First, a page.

The above definition of pure mathematics is, no doubt, somewhat unusual. Its various parts, nevertheless, appear to be capable of exact justification—a justification which it will be the object of the present work to provide. It will be shown that whatever has, in the past, been regarded as pure mathematics, is included in our definition, and that whatever else is included possesses those marks by which mathematics is commonly though vaguely distinguished from other studies. The definition professes to be, not an arbitrary decision to use a common word in an uncommon signification, but rather a precise analysis of the ideas which, more or less unconsciously, are implied in the ordinary employment of the term. Our method will therefore be one of analysis, and our problem may be called philosophical—in the sense, that is to say, that we seek to pass from the complex to the simple, from the demonstrable to its indemonstrable premisses. But in one respect not a few of our discussions will differ from those that are usually called philosophical. We shall be able, thanks to the labours of the mathematicians themselves, to arrive at certainty in regard to most of the questions with which we shall be concerned; and among those capable of an exact solution we shall find many of the problems which, in the past, have been involved in all the traditional uncertainty of philosophical strife. The nature of number, of infinity, of space, time and motion, and of mathematical inference itself, are all questions to which, in the present work, an answer professing itself demonstrable with mathematical certainty will be given—an answer which, however, consists in reducing the above problems to problems in pure logic, which last will not be found satisfactorily solved in what follows.(§ 2 ¶ 1)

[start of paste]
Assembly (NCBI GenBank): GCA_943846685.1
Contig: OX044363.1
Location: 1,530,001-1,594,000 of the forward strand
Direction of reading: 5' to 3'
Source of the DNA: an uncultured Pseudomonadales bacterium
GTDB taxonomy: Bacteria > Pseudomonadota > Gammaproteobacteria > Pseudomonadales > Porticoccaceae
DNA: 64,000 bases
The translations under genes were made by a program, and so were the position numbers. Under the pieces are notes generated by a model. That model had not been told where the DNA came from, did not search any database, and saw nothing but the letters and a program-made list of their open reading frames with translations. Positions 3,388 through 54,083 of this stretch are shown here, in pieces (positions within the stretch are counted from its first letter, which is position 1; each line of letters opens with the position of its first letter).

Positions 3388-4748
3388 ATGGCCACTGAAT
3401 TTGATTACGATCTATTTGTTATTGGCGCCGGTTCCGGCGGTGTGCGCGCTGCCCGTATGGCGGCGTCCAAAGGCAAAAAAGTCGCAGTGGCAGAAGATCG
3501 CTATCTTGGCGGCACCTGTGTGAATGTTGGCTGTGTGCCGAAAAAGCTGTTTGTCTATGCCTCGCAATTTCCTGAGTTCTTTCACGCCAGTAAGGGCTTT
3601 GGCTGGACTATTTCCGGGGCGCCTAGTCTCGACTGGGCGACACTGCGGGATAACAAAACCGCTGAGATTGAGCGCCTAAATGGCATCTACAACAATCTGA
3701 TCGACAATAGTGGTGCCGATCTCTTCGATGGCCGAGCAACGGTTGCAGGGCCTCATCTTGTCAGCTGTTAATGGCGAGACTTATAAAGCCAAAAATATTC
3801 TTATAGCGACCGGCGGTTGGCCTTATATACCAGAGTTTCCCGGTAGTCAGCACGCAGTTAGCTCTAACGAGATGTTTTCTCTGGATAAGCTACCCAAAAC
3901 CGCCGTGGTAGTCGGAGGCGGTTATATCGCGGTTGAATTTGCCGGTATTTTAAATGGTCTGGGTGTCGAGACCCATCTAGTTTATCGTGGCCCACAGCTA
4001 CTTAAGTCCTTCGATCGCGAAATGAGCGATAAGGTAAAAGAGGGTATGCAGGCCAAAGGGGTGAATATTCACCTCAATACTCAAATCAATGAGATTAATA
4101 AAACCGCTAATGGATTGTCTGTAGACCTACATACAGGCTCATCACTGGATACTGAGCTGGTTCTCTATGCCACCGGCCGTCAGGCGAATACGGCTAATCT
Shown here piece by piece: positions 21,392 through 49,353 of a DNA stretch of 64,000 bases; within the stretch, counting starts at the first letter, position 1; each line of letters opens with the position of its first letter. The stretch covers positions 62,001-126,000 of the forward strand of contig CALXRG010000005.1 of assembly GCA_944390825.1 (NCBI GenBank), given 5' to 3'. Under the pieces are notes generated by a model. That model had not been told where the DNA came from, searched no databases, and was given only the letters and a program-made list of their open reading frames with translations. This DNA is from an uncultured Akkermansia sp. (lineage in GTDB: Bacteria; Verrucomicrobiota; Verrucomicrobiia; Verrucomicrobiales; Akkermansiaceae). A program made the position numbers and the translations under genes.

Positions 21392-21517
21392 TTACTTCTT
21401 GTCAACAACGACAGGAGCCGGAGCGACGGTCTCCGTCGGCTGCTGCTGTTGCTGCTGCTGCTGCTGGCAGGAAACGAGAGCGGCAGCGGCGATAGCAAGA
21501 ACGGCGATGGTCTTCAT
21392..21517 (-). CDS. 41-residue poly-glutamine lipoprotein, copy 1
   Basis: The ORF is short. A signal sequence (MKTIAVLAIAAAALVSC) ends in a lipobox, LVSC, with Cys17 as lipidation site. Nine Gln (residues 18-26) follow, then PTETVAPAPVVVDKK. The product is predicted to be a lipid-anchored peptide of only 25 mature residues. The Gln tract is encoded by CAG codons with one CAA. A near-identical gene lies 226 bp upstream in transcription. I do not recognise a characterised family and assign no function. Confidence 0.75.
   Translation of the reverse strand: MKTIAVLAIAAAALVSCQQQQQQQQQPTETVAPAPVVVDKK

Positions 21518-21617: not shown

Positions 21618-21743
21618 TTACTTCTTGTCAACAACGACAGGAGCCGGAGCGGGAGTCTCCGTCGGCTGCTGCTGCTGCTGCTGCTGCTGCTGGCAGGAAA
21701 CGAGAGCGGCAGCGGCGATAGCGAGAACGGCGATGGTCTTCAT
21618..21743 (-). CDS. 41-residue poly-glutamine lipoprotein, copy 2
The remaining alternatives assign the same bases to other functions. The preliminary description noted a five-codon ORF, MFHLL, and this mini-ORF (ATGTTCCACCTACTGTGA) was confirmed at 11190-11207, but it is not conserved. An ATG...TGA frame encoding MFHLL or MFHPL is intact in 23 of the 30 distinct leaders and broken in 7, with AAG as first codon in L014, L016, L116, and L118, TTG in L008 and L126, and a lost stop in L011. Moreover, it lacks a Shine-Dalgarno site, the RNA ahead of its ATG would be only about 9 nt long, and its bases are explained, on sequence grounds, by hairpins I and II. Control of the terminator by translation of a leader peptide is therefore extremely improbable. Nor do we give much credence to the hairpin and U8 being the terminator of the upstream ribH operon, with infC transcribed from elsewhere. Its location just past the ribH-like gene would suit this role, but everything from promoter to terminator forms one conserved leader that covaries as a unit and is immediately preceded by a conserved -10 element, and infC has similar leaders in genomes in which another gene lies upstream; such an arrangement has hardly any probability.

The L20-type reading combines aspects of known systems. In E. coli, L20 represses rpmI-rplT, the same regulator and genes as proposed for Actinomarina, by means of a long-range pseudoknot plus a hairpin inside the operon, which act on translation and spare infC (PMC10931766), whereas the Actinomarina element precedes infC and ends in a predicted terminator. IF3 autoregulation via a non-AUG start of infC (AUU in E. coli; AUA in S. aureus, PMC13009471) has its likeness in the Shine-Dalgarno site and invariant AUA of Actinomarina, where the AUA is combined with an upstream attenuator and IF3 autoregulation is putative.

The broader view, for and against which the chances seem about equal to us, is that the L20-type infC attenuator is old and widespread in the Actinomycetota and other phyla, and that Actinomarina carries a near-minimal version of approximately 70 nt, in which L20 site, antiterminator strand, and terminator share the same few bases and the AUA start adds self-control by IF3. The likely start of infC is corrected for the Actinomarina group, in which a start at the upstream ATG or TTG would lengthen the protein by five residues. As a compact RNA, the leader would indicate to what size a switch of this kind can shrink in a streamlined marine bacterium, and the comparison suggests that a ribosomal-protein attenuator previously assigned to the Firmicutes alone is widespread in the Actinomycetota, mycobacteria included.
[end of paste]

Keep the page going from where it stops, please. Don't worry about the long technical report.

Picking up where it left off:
The Principles of Mathematics was written by Bertrand Russell, and published in in 1903. It is now available in the Public Domain.